Rehabilitation services are provided under the direction of a rehabilitation professional (physical therapist, occupational therapist, etc.) to improve functional ability. In 2016, nearly 32 percent of residents in nursing facilities received such services, up slightly from 26 percent in 2009. Rates of rehabilitation services have been increasing over time, perhaps related to changes in the Medicare prospective payment system for nursing facilities.1
|Table B: Nursing Facility Resident Characteristics Related to Physical Health and Special Care Needs, 2009-2016|
|Share of Residents||2009||2010||2011||2012||2013||2014||2015||2016|
Other less common special health care services include injections to deliver medication and intravenous therapy and/or blood transfusions to provide fluid, medications, nutritional substances, and blood products for residents. In 2016, 21.3 percent of residents received injections and less than two percent received IV therapy. Respiratory treatment is provided through respirators/ventilators, oxygen, inhalation therapy, and other treatment, and in 2016, more than 15 percent of facility residents received respiratory therapy. Last, nearly 5 percent of residents required tube feedings to provide nutritional substances directly into the gastrointestinal system.
Cognitive and Behavioral Health
Cognitive and behavioral health is of particular concern for nursing facility residents. Federal regulations from OBRA 1987 require screening of all new residents to ensure that those who have intellectual, developmental, or cognitive disabilities are placed in appropriate facilities where they receive services designed to meet their needs. State officials are required to certify that those individuals with intellectual or developmental disabilities who are placed in nursing facilities are receiving appropriate services. In 2016, approximately 2 percent of nursing facility residents were reported to have a developmental disability (including mild to profound mental retardation), a slight decrease since 2009 (Table C). Other cognitive problems, often associated with aging, are more common among nursing facility residents. Nearly half (45.3 percent) of residents were reported by facilities and states as having a dementia diagnosis in 2016.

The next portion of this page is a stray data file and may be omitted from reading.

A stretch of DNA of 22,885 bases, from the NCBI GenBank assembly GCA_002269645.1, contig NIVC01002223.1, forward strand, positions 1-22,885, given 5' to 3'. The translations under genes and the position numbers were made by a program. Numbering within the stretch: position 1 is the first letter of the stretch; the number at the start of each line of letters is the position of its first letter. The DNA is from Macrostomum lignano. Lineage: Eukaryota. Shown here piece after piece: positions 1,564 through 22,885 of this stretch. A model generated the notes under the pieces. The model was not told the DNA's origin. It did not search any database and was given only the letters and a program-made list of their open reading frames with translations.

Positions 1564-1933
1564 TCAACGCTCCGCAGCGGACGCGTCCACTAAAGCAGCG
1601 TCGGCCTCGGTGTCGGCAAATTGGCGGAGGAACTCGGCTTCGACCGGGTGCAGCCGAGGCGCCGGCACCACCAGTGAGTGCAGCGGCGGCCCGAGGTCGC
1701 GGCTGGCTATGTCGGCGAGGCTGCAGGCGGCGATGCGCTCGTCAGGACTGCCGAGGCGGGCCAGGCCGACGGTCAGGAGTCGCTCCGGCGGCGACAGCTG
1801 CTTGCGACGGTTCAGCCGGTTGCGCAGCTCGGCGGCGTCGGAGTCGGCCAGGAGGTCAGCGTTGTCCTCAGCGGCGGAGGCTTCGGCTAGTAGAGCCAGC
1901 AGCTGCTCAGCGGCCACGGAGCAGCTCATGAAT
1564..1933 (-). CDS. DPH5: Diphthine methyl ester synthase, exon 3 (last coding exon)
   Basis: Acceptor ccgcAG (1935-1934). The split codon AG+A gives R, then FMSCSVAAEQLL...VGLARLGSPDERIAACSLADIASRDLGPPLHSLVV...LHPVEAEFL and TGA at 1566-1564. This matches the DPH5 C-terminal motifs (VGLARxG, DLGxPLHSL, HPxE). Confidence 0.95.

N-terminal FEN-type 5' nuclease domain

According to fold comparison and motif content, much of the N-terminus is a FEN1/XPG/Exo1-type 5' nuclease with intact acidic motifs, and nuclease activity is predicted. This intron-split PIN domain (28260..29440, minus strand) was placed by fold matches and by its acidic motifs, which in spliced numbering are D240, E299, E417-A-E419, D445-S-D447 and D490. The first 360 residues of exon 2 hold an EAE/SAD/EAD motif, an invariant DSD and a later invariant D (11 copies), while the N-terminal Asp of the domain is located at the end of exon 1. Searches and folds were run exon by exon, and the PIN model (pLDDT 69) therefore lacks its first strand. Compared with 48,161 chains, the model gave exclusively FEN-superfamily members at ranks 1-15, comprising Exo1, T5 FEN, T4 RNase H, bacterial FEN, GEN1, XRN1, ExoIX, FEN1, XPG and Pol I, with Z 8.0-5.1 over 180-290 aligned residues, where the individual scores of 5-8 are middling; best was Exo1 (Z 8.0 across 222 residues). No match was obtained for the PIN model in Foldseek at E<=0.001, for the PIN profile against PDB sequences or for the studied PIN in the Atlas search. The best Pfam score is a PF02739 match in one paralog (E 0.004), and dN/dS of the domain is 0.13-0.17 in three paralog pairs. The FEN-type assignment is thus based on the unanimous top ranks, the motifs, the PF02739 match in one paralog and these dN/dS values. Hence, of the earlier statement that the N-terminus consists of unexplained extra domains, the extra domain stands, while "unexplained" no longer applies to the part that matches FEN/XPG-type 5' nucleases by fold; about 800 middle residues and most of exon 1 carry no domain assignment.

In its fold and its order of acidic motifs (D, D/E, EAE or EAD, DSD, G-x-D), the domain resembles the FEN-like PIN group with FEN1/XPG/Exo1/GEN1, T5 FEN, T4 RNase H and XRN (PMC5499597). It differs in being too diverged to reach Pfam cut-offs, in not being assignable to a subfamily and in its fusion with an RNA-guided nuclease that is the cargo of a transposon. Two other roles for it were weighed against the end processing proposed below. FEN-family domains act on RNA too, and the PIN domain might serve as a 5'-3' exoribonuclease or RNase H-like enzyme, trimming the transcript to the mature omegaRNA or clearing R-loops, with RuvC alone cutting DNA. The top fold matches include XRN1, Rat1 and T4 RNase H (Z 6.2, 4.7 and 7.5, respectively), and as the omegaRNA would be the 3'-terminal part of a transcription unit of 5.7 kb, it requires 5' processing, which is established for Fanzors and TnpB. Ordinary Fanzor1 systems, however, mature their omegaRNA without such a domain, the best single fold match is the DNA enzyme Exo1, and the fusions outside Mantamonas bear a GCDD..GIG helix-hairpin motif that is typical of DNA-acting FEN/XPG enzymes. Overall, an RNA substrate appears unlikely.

With respect to behavioral health problems, the percent of residents with other psychiatric conditions, such as schizophrenia, mood disorders, and other diagnoses, was 32% in 2016. Psychoactive medications, including anti-depressants, anti-anxiety drugs, sedatives and hypnotics, and anti-psychotics, are often used to treat behavioral health problems. In 2016, nearly two-thirds (63.1%) of residents in facilities in the U.S. were reported to be receiving such medications. Federal regulations prohibit the use of anti-psychotics and other psychoactive drugs unless such drugs are shown to be necessary for particular resident conditions. However, because depression is frequently under-diagnosed and anti-depressants may sometimes be under-prescribed, educational efforts are focused on the appropriate use of anti-depressants.2 As detailed in the discussion section of this report, over-use of anti-psychotic medications has been the focus of recent policy attention, particularly their use among residents with dementia. CMS is now reporting the use of anti-psychotic medications as a poor quality measure on the Nursing Home Compare website.3
Physical restraints include physical or mechanical devices, material or equipment that cannot be easily removed by residents to restrict freedom of movement or normal access to one’s own body. Physical restraints are used to prevent falls or other injury among residents, but research has found that there can be significant negative physical and psychosocial effects to use of restraints.4 Since 1987, federal law has limited the use of physical restraints to prohibit their use for discipline or staff convenience, and the use of restraints has declined significantly.5 However, research has also shown that restraints are more likely to be used for residents with cognitive impairment or mental illness.6 The share of residents with physical restraints has declined over time, reaching 0.9 percent in 2016. The reduction may have been related to regulations and ongoing training about the negative effects of restraints on residents.
|Table C: Nursing Facility Resident Characteristics Related to Cognitive and Behavioral Health, 2009-2016|
|Share of Residents:||2009||2010||2011||2012||2013||2014||2015||2016|
|Other Psychological Diagnosis||23.5||24.1||26.3||28.0||30.0||31.1||31.5||32.1|
|Receive Psychoactive Medications||65.4||65.3||65.7||64.0||64.4||64.2||63.5||63.1|